Football is under the microscope again following a sickening clash of heads between two Premier League players on Sunday.
It comes after Wolverhampton Wanderers' Raul Jimenez had to undergo surgery for a fractured skull, following a collision with David Luiz at Arsenal's Emirates Stadium.
Jiménez and Luiz collided while jumping for the ball at a corner early in Wolves' 2-1 win on Sunday.
Jiménez has wheeled off the field wearing an oxygen mask and taken to the hospital.
Manchester City manager Pep Guardiola says the Premier League should have a clear protocol for when there is a clash of heads or concussion.
While their goalkeeper Ederson says there should be automatic substitutions for players who are concussed.
Dr. Vincent Gouttebarge, Chief Medical Officer FIFPRO, the body that represents professional players, says his organisation has been fighting for change but the game's organisers have not budged on this issue: "We have been looking at other sports and how they have evolved with the concussion debate and we don't understand why nothing has been done in football."
The last Premier League player to sustain a similar injury was Everton defender Michael Keane, who had a hairline fracture of the skull in August 2018 and was out for a month.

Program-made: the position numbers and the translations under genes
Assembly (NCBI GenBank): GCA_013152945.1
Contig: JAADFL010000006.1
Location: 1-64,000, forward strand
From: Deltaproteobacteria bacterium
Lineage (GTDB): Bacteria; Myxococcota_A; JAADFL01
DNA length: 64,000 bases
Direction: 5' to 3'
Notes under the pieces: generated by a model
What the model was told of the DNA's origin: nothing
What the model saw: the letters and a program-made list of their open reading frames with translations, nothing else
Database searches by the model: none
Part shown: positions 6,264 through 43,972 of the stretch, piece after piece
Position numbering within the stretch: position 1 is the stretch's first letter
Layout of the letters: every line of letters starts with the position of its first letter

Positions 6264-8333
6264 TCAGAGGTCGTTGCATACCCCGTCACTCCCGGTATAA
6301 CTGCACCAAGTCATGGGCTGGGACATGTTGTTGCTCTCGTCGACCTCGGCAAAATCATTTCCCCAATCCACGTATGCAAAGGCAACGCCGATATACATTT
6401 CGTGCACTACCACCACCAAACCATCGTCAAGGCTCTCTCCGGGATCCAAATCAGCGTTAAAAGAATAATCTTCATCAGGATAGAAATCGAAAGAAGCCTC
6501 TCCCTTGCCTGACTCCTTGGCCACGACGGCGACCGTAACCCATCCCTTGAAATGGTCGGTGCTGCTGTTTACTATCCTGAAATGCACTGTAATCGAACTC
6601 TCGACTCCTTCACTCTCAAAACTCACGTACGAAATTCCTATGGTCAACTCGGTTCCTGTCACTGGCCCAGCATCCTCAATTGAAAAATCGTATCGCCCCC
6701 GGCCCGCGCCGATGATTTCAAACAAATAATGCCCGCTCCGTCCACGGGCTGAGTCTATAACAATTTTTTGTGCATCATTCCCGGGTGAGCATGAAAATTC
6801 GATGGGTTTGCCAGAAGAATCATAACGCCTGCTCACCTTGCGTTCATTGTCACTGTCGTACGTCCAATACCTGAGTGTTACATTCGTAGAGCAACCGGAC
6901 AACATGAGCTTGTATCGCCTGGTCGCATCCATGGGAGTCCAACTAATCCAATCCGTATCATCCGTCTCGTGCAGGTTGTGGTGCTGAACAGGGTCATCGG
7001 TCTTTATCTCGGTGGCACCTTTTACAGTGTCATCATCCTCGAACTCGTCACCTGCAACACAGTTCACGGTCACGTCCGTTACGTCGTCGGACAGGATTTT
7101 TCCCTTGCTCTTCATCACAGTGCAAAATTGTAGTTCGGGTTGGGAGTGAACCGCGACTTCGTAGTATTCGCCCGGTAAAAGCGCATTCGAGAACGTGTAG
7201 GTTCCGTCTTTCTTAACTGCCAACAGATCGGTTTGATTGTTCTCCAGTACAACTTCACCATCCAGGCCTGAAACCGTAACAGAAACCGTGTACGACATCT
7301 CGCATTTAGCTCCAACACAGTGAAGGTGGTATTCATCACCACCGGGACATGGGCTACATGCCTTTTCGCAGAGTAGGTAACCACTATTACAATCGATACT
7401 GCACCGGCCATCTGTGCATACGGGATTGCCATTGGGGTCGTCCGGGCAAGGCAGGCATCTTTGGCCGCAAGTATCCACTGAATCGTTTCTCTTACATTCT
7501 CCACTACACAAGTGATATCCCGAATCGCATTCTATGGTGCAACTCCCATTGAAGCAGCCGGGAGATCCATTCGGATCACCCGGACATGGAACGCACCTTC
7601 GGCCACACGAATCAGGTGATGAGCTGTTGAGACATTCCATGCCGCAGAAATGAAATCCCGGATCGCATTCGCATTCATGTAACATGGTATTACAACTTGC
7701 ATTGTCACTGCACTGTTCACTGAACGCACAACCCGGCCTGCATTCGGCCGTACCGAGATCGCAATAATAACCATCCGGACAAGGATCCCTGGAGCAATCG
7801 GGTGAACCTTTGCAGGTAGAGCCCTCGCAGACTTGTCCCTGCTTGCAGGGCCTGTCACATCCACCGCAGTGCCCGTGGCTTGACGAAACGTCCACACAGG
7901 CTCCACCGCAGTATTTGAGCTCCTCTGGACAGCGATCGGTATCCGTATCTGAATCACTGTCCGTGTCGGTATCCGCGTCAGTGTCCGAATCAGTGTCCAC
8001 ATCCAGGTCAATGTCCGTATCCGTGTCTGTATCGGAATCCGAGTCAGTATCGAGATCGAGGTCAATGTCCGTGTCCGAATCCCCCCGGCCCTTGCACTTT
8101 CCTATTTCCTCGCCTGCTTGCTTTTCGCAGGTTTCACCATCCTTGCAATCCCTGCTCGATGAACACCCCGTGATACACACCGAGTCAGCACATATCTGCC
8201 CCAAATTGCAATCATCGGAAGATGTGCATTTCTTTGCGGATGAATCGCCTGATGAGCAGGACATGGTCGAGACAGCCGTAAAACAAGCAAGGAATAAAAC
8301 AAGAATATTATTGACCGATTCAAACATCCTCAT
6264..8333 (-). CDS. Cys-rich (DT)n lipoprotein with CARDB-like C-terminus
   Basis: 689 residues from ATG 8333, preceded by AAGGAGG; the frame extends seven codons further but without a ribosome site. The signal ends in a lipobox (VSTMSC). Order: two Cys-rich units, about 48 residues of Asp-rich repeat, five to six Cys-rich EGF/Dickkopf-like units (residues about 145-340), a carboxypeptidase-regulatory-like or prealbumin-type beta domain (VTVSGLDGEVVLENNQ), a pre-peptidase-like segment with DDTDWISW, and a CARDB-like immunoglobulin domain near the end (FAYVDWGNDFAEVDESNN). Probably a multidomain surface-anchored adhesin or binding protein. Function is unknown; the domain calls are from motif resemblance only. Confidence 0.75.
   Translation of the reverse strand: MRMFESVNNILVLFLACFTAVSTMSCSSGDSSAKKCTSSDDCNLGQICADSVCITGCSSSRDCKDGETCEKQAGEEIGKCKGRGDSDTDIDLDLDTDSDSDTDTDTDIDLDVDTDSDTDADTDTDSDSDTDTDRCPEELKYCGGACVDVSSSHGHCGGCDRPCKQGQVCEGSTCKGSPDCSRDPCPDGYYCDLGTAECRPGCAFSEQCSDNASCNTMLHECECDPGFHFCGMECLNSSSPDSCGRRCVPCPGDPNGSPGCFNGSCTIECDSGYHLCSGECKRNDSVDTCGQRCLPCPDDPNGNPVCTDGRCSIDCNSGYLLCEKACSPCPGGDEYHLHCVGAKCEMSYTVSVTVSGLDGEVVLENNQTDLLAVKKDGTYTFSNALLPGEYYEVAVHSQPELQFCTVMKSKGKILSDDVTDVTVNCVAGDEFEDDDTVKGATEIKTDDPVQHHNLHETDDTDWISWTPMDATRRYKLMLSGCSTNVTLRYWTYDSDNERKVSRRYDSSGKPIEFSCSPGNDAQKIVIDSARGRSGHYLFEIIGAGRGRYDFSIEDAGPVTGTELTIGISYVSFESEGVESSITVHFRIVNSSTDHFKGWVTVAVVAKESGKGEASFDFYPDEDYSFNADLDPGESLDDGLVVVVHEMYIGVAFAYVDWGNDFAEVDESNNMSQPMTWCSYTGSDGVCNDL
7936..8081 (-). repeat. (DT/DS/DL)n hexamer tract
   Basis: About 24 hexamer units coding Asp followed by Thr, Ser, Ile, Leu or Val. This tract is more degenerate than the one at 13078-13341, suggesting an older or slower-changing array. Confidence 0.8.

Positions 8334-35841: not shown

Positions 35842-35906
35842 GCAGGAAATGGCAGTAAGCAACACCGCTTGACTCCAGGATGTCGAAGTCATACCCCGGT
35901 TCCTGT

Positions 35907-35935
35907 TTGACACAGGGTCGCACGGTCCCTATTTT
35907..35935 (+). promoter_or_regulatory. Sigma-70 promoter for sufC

Before that, Ryan Mason fractured his skull in a clash of heads while playing for Hull at Chelsea in January 2017. He returned to training in May of that year but didn't play another competitive match and was forced to retire in February 2018 on the advice of neurologists.
Goalkeeper Petr Cech sustained a depressed fracture of the skull in 2006 when he slid in at the feet of an opponent while playing for Chelsea. He required emergency brain surgery and wore a head guard in matches for the rest of his career.
You can watch the interview with Gouttebarge in the media player at the top.